More on Mondale critizing Obama for using teleprompters too much. Of course, by now we all know that Obama needs the teleprompter, that he cannot give a coherent speech without one. So Mondale's advice is going to go unused.

* * *

The United States fought an internecine war over states' rights. Do not expect this modern resurgence of interest in upholding the 10th Amendment to go unchallenged.

If there's a second revolution in the US (or civil war) expect it to come from the issue of states' rights versus an overweening federal government.

* * *

A lot of folks are talking about this: a guy in rural Tennesee slugged the fire chief after the fire department let his parents' house burn down.

At the core of the issue was the $75 annual fee rural residents must pay if they wish to be covered by the nearest fire department. The people whose house was allowed to burn to the ground had not paid this fee.

Homeowner: "I thought they'd come out and put it out, even if you hadn't paid your $75, but I was wrong."

Translation: "I'm not going to pay anyone any $6.25 per month just in case my house catches fire, but if it does, I'm going to expect them to put it out regardless."

Alternate translation: "Yeah, I'm a freeloader."

Midwest Chick: "It's called 'personal responsibility.'"

There will, of course, be a lawsuit over this. It's "unfair" that some people are protected when others aren't. It's "wrong" that the fire department can just let a house burn down.

No blame will be assigned to the idiots who couldn't be bothered to shell out six freaking bucks a month to pay for fire protection. Even though they're the ones who are at fault.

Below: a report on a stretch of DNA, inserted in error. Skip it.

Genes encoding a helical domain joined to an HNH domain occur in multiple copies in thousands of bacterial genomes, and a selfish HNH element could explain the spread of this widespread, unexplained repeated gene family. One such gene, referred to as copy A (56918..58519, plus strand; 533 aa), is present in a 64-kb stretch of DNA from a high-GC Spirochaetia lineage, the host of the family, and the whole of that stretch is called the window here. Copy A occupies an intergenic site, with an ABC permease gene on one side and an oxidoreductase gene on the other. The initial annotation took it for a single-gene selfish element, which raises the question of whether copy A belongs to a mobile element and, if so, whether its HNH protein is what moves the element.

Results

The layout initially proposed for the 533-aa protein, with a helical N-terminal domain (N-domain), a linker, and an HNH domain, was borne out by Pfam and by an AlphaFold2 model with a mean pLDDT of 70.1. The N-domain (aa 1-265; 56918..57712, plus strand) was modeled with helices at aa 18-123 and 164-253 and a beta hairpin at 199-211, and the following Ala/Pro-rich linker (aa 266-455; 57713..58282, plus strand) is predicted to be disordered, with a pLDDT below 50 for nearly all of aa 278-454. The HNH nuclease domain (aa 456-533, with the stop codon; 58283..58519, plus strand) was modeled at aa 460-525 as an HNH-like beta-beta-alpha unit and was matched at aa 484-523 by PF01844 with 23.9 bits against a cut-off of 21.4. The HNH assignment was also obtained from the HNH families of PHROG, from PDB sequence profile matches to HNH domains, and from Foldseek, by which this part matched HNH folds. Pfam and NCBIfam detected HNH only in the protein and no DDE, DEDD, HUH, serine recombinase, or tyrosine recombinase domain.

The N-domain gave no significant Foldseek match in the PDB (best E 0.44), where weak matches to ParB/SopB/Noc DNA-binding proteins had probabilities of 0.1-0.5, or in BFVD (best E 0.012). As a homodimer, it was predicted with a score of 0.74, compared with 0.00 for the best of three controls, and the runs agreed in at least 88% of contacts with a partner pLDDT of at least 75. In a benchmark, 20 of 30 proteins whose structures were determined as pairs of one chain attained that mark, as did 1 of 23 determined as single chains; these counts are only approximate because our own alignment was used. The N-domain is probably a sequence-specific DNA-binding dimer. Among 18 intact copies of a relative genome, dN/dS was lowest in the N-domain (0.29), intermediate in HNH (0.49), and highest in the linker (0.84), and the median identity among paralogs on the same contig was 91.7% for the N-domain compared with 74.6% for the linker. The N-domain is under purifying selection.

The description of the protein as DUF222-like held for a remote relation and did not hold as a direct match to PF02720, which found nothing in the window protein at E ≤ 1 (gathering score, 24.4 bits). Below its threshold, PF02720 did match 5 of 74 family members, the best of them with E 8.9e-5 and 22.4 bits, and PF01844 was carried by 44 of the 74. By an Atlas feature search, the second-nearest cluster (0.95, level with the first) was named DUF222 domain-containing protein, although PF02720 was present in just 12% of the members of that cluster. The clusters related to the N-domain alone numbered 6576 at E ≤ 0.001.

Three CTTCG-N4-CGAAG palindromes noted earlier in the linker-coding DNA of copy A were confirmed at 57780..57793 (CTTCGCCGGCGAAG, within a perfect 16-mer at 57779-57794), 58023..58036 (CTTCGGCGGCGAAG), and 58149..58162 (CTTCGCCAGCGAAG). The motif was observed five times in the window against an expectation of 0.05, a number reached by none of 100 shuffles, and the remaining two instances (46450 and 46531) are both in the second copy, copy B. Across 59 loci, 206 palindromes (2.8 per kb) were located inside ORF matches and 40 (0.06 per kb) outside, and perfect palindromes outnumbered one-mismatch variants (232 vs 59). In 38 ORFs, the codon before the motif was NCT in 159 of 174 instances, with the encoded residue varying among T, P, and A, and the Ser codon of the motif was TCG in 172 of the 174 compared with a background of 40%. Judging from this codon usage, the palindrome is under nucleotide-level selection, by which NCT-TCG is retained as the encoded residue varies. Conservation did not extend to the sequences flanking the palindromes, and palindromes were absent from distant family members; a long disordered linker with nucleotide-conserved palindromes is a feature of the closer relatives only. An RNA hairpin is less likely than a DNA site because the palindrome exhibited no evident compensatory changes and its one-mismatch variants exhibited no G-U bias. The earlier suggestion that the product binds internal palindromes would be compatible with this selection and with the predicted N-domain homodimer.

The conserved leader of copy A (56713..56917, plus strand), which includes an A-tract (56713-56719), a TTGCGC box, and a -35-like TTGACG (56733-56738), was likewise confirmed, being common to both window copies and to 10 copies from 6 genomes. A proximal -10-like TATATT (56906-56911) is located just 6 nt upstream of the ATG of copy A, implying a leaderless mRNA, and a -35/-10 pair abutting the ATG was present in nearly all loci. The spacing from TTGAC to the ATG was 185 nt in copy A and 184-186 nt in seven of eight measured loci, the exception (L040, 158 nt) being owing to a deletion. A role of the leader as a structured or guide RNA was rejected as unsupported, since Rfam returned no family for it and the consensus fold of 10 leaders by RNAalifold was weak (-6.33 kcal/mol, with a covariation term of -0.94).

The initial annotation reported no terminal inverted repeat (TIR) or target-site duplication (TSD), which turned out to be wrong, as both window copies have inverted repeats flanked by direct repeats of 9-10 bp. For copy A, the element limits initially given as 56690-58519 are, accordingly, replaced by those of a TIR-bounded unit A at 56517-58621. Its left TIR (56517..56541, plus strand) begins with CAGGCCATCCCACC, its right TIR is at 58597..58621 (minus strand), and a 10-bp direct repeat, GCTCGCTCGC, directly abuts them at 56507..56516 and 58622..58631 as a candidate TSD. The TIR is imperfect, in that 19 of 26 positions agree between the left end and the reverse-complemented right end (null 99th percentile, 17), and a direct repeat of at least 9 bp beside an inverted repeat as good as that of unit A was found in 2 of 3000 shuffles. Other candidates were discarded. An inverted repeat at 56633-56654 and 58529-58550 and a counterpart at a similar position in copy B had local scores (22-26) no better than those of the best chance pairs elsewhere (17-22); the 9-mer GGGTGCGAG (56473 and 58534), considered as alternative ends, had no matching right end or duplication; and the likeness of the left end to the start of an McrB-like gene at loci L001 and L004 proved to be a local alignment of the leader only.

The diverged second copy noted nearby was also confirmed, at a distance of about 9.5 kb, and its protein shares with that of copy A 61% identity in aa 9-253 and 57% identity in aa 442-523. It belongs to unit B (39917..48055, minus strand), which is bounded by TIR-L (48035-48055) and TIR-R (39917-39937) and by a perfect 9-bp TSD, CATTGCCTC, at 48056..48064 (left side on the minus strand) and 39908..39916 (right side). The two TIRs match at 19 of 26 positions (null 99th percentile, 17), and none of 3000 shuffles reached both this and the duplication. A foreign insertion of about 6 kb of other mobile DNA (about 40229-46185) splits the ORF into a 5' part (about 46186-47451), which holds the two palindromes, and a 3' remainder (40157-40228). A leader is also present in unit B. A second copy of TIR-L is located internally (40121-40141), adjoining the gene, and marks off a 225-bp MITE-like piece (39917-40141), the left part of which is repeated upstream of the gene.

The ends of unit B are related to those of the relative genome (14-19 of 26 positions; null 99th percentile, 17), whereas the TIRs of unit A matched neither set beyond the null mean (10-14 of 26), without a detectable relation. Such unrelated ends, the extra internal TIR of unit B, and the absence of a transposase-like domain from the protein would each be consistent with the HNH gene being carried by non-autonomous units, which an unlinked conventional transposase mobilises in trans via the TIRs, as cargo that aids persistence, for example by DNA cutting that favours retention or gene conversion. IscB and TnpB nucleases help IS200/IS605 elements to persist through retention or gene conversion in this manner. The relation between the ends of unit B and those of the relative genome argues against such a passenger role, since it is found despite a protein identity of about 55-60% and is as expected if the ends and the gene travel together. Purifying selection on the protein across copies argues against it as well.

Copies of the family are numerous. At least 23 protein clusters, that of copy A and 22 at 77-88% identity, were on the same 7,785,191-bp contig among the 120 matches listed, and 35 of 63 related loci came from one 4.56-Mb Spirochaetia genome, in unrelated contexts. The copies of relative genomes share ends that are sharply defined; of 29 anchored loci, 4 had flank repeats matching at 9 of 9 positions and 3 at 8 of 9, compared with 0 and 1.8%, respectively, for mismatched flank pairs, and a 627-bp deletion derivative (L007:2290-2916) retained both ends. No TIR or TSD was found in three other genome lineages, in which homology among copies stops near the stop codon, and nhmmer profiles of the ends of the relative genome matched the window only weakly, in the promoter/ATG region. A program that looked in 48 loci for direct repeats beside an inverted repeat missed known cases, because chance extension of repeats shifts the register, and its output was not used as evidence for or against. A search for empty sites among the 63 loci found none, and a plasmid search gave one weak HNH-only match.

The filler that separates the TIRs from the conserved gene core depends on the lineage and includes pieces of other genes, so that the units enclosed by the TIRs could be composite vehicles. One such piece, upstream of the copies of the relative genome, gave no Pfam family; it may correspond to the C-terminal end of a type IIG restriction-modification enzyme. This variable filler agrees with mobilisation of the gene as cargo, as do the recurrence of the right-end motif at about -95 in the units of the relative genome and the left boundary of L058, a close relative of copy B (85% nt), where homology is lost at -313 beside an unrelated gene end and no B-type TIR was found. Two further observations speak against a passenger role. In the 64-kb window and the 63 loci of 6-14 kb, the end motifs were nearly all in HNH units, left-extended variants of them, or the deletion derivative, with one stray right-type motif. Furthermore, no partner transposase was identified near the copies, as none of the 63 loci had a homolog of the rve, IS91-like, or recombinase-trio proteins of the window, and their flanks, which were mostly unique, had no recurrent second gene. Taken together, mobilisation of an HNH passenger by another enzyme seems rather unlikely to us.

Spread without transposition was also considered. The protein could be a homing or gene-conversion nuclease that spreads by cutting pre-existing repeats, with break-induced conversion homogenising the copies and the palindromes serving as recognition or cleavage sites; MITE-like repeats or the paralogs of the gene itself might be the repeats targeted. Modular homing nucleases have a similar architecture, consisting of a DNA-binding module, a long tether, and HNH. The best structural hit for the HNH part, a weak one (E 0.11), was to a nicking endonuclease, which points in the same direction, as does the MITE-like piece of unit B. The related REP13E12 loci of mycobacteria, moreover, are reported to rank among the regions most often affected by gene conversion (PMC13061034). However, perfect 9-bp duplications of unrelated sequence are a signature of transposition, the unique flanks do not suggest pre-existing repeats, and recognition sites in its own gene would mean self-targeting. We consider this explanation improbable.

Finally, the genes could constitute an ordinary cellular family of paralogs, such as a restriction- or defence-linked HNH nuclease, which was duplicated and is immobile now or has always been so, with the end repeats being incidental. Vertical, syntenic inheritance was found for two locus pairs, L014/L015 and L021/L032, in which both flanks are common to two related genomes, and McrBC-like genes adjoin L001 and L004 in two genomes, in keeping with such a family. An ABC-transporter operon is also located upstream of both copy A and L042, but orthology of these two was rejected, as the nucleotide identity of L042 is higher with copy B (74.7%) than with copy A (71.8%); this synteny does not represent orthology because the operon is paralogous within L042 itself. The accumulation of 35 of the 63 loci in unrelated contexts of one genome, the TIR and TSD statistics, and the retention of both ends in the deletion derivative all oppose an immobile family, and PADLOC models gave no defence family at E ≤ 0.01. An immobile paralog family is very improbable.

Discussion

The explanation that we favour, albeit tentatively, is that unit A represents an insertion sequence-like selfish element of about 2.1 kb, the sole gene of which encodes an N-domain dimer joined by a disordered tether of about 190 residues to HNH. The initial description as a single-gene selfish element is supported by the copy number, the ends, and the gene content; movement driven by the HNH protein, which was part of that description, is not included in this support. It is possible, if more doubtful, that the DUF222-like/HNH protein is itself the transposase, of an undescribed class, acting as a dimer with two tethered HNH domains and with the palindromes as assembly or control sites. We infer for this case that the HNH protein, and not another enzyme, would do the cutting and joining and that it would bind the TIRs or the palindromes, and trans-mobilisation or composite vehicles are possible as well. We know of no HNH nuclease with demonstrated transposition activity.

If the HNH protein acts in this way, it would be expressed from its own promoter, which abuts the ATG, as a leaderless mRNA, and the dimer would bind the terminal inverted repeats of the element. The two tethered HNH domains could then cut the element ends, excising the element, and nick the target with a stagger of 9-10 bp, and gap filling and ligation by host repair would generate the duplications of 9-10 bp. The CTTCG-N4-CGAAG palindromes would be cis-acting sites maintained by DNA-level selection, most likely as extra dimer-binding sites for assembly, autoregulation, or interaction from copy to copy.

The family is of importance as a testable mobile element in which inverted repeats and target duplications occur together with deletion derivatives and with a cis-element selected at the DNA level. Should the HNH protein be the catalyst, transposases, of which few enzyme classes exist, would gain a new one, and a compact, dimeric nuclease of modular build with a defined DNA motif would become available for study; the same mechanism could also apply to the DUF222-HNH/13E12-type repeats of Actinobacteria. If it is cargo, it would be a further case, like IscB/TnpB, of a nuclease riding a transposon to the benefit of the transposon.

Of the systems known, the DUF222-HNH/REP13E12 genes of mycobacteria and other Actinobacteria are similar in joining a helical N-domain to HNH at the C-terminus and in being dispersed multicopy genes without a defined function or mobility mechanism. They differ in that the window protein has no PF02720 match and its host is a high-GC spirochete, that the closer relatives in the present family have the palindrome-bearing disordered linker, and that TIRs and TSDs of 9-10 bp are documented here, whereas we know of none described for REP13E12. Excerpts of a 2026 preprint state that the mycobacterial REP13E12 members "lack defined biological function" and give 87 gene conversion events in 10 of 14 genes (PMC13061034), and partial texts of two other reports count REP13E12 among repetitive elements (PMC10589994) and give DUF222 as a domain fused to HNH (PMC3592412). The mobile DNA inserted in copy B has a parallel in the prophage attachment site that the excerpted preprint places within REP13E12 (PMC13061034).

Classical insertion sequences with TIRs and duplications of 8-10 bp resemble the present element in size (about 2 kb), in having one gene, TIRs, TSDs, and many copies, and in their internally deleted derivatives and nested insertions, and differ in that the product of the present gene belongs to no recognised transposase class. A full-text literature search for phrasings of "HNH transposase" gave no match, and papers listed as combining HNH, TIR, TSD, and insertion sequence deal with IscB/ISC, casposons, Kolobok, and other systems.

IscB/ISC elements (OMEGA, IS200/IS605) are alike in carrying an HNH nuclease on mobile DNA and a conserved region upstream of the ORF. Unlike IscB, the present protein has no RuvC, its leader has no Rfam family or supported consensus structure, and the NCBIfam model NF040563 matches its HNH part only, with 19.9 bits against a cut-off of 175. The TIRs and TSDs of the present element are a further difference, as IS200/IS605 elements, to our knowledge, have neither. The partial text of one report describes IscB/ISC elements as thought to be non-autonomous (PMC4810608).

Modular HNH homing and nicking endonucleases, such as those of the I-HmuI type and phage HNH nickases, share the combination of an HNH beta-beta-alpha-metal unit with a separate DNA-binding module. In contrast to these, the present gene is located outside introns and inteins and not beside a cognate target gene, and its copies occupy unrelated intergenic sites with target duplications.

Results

* * *

Last night (technically, this morning) I started dubbing To Aru Kagaku no Railgun to DVD.

I'd forgotten how good it is. The animation--damn. The story--damn. Kiyama sensei--damn. Especially in her "stripping woman" phase.

Hard to believe her breasts are smaller than Konori-senpai, who is still in high school. I mean dang:



In order: Mii Konori-senpai, Harumi Kiyama-sensei, Ruiko Saten (yay!), Mikoto Misaka, Kazaki Uiharu, Kuroko Shirai, Mitsuko KongouKomoe Tsukuyomi-sensei.

(Text translation:"<--big--------To Aru Kagaku no Railgun--------small-->")

Ruiko is about half of Kiyama-sensei's age, yet she's #3? Holy crap.

Yes this is important. What part of "otaku" do you still not get?

...the anime never makes plain just how old Tsukuyomi-sensei is. In To Aru Majutsu no Index we see her apartment, littered with beer cans and overflowing ashtrays, suggesting that she's easily over 20 years of age. Is she supposed to be a little person, or is she some kind of genetic "sport" which has led her to appear to be about 10 years old in perpetuity?

(No, don't tell me. Someday I hope to read the light novels behind all this.)